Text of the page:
CW: Did you guys see yourself doing this? Like when you first got into music, did you see yourself getting this far and taking it all the way?

V: We haven't got all the way yet.

CW: Okay as far as you've got to now...

V: It's hard to imagine this, you can have an idea, but you can't imagine spending 600 days with a band on tour. It's also hard at this point to look back objectively at what you thought. You sort of get these pinch yourself moments every so often where you wake up and think "shit, if somebody had told me I'd be here 2 years ago..." but you get asked that a lot and you go "yeah, yeah it's amazing, I get to play guitar every day" but we spend so much time moving forward, trying to plan the next tour, write better songs, play better gigs and do better recordings that it is so hard to maintain that perspective to say "two years ago, I wanted this". You can imagine what it's like being in a band, all the fans, going to parties and stuff, it's such a small part of what you do, it doesn't even register in your head. It's so strange when people want an autograph as it's so not anything to do with your life at all. You spend your life on tour buses and aeroplanes, playing shows and writing music. Even Flea from Red Hot Chilli Peppers, when we saw him wandering round Estonia and people asking for his autograph, he was like "I can't believe people want to talk to me, I'm Flea". It's such a small part of what you do.

CW: How have the circles of people around you changed?

V: It hasn't changed; I'm more into family, I don't even have that many friends, I have a few close friends but I'm one of 7 kids. I'm really close to my Mum and Dad. My friends at home are still very much my friends. They're amazing and they're obviously very supportive of what I do, and I spend half my time feeling like the worst friend in the world because I can't go to see them. I don't really know what's going on back home, but every time I do go back, we hang out. I've picked up so many new friends along the way.

CW: In regards to the album, which track on there are you most excited about playing?

V: 'Bad Mood'. I like playing that a lot, it's a lot of fun to play. It depends on the night for me, we're gradually putting more songs in, and we get more excited as we're about to play the one we've just added to the set. Because there are some songs which we've been playing for the last 2 and a bit years and there are some songs which we've played 4 or 5 times and they always break the set up a bit. 'Bad Mood' is good and 'Ghost Town', and 'I Always Knew' is what we've just added, it's got a different tilt to what we usually do, I really like that one.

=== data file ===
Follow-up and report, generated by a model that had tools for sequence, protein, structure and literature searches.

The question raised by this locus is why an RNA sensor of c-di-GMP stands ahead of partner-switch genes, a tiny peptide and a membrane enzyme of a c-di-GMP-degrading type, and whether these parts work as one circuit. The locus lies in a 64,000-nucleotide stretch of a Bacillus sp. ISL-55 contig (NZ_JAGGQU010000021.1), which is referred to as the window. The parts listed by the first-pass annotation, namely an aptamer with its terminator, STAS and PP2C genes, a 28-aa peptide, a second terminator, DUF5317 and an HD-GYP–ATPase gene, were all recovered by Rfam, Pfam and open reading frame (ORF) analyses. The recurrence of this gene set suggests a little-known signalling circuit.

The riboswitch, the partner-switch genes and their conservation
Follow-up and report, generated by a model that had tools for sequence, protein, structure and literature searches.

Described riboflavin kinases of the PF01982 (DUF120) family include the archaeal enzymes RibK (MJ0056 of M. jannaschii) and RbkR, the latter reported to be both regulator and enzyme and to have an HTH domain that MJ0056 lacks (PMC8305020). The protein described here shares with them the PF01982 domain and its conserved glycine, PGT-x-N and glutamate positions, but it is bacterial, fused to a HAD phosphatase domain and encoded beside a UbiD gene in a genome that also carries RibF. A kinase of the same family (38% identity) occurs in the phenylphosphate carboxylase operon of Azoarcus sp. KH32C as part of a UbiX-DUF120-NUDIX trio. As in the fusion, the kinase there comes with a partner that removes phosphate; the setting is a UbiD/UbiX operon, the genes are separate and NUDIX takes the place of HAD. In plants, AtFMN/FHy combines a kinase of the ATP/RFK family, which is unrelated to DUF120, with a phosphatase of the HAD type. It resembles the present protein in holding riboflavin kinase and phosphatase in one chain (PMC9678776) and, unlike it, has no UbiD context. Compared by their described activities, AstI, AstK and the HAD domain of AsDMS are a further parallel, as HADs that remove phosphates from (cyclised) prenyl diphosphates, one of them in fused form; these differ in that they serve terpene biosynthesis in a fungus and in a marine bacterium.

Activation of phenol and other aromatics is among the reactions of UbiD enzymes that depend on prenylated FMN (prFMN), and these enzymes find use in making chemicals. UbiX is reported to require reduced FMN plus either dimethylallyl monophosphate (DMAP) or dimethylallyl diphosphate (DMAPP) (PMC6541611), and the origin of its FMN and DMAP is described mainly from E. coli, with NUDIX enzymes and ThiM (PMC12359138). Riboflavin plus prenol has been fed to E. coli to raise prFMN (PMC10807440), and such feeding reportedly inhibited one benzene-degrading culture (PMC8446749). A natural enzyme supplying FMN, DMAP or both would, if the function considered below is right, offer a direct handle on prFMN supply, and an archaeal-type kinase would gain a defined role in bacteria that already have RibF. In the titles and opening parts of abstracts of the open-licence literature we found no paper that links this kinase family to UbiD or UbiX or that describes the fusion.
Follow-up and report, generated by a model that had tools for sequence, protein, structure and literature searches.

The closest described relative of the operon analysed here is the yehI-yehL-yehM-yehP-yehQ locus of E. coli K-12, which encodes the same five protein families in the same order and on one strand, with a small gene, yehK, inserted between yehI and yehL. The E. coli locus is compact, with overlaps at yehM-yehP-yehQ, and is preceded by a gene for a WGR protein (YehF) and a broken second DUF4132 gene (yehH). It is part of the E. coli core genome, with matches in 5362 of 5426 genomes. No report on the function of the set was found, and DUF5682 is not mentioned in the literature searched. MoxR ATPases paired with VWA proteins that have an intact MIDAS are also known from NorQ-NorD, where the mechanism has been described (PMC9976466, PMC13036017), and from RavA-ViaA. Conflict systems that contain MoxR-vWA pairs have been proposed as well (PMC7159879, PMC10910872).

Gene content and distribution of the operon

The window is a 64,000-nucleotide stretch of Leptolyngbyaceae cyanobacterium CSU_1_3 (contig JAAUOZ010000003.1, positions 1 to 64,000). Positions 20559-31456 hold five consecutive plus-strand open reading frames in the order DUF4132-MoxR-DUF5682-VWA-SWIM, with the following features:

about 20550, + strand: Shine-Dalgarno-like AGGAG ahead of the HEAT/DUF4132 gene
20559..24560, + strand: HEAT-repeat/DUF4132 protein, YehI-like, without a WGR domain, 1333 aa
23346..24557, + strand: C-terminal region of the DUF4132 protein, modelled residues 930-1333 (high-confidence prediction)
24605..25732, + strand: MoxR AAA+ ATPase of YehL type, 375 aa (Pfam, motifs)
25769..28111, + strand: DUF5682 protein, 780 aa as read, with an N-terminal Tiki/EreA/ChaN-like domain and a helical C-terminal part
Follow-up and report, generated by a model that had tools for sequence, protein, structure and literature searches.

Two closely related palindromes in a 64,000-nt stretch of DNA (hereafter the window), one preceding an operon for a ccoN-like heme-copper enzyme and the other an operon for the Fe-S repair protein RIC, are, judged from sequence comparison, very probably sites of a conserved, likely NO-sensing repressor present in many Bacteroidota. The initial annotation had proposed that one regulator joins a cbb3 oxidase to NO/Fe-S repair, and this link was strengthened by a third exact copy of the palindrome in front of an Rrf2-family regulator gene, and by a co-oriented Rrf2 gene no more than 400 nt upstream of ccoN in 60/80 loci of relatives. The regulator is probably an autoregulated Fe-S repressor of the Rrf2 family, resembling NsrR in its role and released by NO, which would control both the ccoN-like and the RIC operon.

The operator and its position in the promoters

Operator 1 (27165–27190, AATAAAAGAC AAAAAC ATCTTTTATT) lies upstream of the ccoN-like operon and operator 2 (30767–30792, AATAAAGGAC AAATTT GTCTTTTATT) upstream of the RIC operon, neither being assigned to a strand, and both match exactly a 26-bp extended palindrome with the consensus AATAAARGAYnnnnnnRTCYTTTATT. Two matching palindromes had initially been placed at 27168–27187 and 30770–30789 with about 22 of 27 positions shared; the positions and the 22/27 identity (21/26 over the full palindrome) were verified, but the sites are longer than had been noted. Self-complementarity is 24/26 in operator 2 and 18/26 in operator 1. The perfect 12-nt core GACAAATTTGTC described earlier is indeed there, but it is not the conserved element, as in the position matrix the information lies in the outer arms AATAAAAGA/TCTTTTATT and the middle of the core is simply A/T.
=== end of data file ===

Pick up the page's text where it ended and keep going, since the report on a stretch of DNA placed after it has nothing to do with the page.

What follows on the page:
CW: Do you guys have a cue? Like if a tracks going really well, do you have a cue where you look at each other and go "yeah!"?

V: Yeah, every so often, we do. I put my leg on the drum stand, the guitar behind my head and I do hip thrusts at people. Isn't this amazing, look at us go.

C: Do you have a cue if someone's fucking something up and you look round and go "what are you doing mate?"

V: I think Justin's got a look, like a killer rhinoceros. So I don't know, it depends on who it is.

I get in trouble sometimes. That's what happens actually, when we're having a really good time, you'll chuck in something you've never played before and then to cut me down, the guys are like "what the fuck was that?" and I'll be like "oh, funs over."

CW: Do you ever stand on stage when it is absolute chaos and go "Oh my god, this is my life." Is there a moment when you're looking out and there's people upon people, and you're like "is this really happening?"

V: I've never fully succumbed to it yet because every so often, I'll find myself open my eyes as wide and go "holy shit" and there have been so many times when I've come close to losing it, losing my grip, losing my place, losing my groove, losing my feel, just because you start thinking about it all. Thinking is fucking dangerous. It is a very dangerous thing to do when you perform. I think it's an emotional thing and it's not something you analyse much and you go with it and it's almost like your head/heart can't keep up with the rest of you, so it's best to just be in the moment, whatever will happen, will happen.

CW: It's funny, a lot of people say that when you're on stage and when you're performing, it's a bit like meditating because you can't think of anything else.

V: Yeah, people give football the stick but I admire footballers so much, the stuff they have to do under that pressure, people shouting stuff, throwing things, I really admire them. What we do, is a fraction of that. It's crazy. I'm a firm believer, like I find being on stage a very tranquil thing, no-one can touch it. You're in the eye of the storm, there's all this crazy stuff going on around you but you're always at the peaceful centre.

CW: That was a line, that was a lyric right there. That was beautiful.